“Our first brewery in Woodstock was about 7,500 square feet,” Nix said. “This building is a little over 20,000 square feet total. We just needed to add additional tanks and put everything in one location. We didn’t pursue it, but the developer doing this entire project came to us looking for an anchor tenant.
“For a production brewery to locate in a mixed-use development with retail and restaurants is pretty unprecedented, so we said yes. It took us about a year and a half to get it all built out. But it was built to be a brewery, whereas in our first location, we were kind of a square peg in a round hole. This place was designed for our needs now and into the future. We could go up to about 50,000 barrels a year. Right now, we’re at about 7,500 a year.”
Speaking about future growth, Nix said the master plan is to move ahead at a steady pace.
“We’re just very slow and intentional in how we want to grow,” he said. “To continue in that path forward, we think, is more sustainable. It’s funny. Our cold storage room is 7,500 square feet, which, as I said, was the original size of our first brewery, so that’s kind of cool. And we have a pretty cool view looking out from the back of the brewery. We’re probably one of the only breweries in Georgia that has pasture land beside it.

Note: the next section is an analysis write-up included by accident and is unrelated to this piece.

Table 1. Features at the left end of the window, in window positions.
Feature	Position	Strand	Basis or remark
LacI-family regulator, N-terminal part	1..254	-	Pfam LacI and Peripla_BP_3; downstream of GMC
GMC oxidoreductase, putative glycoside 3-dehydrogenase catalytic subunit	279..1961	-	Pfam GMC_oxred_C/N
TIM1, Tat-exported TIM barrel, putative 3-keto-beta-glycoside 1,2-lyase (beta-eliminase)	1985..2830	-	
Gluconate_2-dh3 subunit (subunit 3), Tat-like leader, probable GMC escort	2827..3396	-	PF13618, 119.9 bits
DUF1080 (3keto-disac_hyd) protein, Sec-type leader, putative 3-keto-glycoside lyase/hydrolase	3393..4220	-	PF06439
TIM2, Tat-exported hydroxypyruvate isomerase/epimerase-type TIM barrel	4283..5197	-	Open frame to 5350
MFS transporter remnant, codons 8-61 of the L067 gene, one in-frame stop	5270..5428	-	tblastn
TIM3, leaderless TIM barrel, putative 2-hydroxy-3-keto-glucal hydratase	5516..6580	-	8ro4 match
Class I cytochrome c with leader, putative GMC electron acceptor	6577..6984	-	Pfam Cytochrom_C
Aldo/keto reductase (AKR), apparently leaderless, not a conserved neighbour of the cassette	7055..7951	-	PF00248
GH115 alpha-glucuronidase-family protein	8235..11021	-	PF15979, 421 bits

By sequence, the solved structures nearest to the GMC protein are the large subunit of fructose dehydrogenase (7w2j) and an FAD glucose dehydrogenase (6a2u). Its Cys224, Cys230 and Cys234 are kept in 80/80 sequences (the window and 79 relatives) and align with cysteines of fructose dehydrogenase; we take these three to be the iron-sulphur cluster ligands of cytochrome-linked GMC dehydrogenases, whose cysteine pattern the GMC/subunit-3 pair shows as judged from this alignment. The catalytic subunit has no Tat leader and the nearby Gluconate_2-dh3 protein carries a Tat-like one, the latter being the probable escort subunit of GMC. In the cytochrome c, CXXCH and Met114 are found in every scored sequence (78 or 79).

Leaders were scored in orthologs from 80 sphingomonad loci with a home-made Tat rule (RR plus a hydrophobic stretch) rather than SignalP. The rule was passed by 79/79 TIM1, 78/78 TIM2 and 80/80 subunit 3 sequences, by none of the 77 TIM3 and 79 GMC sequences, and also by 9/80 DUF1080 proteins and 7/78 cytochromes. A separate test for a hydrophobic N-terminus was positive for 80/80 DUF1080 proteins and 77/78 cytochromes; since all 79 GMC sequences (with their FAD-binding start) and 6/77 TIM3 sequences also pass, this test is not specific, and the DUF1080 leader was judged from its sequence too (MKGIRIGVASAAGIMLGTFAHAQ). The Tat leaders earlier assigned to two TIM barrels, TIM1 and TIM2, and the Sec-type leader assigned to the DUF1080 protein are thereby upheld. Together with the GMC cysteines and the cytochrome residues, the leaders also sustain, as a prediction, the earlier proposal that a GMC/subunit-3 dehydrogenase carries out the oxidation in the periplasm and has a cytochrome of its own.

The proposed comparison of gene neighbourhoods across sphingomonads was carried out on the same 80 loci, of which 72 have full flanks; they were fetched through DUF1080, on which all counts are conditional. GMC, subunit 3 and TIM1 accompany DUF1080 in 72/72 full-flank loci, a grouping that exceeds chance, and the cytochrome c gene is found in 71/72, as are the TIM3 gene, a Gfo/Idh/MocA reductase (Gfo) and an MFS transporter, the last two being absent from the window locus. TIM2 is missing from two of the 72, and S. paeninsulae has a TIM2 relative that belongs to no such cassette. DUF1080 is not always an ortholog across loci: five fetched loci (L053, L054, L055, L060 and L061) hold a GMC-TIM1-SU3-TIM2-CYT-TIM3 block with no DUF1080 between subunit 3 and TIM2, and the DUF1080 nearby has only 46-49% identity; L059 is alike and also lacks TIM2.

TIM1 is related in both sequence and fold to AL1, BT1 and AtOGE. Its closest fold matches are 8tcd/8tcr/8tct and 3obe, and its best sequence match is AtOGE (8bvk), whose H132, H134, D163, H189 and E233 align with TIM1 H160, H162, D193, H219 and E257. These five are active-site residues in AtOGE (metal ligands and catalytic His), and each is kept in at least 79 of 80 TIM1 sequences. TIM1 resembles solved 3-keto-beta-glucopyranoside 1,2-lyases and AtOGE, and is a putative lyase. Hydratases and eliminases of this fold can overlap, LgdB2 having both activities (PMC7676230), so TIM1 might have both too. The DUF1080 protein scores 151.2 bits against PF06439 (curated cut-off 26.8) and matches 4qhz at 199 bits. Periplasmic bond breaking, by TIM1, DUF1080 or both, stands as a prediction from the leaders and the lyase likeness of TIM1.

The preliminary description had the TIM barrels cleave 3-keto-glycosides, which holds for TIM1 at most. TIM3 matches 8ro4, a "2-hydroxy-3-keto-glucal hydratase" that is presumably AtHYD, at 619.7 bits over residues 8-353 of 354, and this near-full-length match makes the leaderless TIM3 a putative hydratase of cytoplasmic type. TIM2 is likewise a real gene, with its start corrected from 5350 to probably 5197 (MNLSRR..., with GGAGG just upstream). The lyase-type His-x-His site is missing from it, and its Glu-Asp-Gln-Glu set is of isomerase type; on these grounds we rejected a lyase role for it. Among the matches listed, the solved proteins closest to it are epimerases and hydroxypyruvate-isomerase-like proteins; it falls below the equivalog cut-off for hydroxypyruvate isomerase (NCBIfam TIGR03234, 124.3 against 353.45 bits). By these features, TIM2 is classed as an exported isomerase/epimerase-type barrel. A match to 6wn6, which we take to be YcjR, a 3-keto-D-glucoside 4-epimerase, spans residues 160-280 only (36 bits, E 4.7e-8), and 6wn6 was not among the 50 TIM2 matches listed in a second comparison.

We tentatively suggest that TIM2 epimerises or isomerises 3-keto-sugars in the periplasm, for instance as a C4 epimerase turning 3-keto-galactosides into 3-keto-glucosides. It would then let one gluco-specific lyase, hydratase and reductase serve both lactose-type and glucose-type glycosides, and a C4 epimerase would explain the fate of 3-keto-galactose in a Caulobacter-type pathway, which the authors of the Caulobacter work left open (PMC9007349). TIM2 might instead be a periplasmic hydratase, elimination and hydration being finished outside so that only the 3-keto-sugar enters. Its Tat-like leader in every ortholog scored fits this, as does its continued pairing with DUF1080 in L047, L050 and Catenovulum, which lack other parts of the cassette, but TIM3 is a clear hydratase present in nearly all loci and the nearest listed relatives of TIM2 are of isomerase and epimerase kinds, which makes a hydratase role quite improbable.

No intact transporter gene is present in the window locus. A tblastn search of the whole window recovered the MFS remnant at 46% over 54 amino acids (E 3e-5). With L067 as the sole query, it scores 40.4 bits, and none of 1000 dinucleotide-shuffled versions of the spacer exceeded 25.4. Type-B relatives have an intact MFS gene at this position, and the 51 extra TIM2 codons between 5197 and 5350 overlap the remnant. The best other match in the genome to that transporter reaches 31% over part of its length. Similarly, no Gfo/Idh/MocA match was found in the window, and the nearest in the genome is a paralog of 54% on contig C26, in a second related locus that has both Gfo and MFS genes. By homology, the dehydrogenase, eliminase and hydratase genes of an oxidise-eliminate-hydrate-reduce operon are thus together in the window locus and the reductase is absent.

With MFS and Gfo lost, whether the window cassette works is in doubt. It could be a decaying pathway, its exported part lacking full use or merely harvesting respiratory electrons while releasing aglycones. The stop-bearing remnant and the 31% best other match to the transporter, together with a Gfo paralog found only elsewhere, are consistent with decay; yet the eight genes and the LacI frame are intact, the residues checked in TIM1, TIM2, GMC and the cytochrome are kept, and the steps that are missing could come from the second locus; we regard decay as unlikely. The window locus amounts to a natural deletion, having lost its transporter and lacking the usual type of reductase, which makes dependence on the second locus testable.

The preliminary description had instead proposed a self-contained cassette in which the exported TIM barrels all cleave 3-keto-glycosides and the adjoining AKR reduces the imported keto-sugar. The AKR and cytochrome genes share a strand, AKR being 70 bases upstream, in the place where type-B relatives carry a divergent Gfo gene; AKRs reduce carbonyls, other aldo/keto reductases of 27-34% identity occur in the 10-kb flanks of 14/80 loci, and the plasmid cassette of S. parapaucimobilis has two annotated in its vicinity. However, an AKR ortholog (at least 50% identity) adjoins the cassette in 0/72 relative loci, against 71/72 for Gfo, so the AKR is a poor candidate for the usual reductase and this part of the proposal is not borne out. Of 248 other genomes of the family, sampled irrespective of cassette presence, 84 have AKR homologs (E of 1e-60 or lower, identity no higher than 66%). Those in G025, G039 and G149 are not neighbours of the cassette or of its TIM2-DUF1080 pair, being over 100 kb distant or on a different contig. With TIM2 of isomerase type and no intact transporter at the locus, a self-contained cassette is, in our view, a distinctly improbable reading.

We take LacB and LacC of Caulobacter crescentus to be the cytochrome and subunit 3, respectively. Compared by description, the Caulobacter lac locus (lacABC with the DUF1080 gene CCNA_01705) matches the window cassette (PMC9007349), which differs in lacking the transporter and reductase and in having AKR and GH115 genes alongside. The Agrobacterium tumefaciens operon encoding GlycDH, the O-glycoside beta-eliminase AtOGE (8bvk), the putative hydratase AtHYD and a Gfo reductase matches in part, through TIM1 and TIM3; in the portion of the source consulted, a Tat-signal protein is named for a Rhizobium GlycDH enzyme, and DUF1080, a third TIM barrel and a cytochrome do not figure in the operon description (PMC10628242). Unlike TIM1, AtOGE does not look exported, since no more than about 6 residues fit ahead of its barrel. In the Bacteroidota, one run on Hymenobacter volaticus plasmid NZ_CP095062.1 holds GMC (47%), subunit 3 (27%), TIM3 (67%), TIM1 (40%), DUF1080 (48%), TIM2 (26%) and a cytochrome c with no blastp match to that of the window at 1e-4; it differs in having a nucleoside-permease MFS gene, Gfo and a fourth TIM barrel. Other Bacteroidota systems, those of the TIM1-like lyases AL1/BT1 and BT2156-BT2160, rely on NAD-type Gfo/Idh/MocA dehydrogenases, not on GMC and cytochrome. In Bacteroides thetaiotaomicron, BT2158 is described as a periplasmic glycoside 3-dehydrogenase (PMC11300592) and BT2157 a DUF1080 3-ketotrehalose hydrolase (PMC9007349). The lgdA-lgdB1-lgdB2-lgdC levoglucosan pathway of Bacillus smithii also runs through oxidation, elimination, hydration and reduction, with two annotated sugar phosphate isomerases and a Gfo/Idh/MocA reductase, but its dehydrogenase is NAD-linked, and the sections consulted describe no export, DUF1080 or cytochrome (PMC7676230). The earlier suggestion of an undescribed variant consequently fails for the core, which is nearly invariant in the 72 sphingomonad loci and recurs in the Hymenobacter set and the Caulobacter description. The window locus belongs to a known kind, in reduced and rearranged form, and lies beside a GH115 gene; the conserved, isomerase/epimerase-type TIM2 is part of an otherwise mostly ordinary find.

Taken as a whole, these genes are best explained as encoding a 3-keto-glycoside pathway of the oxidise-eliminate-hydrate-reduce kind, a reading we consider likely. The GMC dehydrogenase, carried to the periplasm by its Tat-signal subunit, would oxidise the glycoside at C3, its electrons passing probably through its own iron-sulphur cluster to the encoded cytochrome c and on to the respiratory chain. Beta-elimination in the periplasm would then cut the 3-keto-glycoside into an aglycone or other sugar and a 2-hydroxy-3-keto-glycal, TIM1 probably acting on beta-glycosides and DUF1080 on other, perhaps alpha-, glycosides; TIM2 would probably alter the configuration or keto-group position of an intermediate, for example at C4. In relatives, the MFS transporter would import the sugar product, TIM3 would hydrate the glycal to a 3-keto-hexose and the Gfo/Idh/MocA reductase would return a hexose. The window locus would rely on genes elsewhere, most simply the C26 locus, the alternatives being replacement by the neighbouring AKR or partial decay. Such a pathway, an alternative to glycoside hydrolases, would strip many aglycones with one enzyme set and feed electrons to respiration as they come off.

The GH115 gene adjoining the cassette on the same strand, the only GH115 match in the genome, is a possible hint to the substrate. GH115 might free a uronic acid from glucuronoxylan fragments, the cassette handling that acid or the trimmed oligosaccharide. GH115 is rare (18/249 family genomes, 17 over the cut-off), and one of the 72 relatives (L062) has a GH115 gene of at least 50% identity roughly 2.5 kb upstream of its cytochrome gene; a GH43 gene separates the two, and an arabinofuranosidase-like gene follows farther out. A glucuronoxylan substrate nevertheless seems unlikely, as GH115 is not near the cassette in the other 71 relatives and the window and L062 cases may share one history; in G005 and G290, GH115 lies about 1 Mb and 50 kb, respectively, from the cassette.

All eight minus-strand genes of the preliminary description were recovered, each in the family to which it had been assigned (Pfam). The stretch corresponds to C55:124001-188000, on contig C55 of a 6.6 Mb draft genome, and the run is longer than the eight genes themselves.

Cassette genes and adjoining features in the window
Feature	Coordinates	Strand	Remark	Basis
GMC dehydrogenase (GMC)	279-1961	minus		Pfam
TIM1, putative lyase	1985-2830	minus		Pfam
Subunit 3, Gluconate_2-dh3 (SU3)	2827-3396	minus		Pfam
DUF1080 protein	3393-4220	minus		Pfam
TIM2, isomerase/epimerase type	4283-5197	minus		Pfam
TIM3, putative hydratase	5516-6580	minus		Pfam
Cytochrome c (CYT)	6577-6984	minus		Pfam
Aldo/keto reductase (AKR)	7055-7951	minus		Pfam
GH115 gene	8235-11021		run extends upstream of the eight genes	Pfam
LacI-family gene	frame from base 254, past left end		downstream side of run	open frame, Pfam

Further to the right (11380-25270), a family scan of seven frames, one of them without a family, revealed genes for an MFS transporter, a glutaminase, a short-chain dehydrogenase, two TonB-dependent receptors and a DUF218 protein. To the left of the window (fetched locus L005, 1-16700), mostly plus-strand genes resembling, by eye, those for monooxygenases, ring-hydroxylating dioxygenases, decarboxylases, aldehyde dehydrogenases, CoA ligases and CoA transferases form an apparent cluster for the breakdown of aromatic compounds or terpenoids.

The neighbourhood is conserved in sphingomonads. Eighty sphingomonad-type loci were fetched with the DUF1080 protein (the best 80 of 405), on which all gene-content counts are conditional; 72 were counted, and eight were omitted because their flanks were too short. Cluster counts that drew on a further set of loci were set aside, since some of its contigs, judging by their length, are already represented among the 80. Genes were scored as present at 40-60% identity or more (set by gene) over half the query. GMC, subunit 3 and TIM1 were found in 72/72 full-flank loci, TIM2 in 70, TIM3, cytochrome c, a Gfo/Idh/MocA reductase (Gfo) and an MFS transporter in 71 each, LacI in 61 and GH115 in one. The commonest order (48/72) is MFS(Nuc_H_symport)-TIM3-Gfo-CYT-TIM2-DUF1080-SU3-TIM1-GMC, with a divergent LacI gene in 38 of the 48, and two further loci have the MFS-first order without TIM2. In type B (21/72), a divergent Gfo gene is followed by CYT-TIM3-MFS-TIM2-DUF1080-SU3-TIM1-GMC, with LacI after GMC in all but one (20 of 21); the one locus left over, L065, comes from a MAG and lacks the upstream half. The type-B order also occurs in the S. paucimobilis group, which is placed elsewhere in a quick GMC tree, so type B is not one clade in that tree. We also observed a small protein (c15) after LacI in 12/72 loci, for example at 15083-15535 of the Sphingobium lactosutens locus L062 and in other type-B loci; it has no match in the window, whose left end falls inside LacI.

“I’m originally from Cherokee County, and this is what I remember it being like. We’re distributed throughout the state of Georgia now, all the way down to Albany, and all over North Georgia. We went into the Chattanooga market last year, so that was our first out-of-state market. We don’t have any big plans to go much further. I think the definition of local keeps getting tighter and tighter. We kind of want to be North Georgia’s brewery — the brewery in the 15-mile radius of where we’re at now.”
Hanging out at the grand, three-sided bar in the taproom, which features rows of garage doors, and patio areas with river-facing views, Nix talked about how Reformation evolved over the past five years.
“Just in the five years we’ve been in it, the industry has changed so much,” Nix said. “We were heavily influenced by European-style beers. That’s how we got into beer. That’s how we started homebrewing. So when we launched as a brewery, we were doing three Belgian styles. And we still have those in our core portfolio. But as the years have gone by, the consumer demand for variety and exploration and innovation have inspired us, and we’ve tried to keep up with that.
“When we got Woodstock online as an R&D facility, that really changed the game for us. It gave us the ability to constantly put out something new, and to get instant feedback from the community. That helped us evolve a lot of our products, and what you’ll see from us moving forward. That’s all coming from the transitions we’ve made in the last year and a half, starting with the Woodstock facility, and now with this facility up and running in Canton.”
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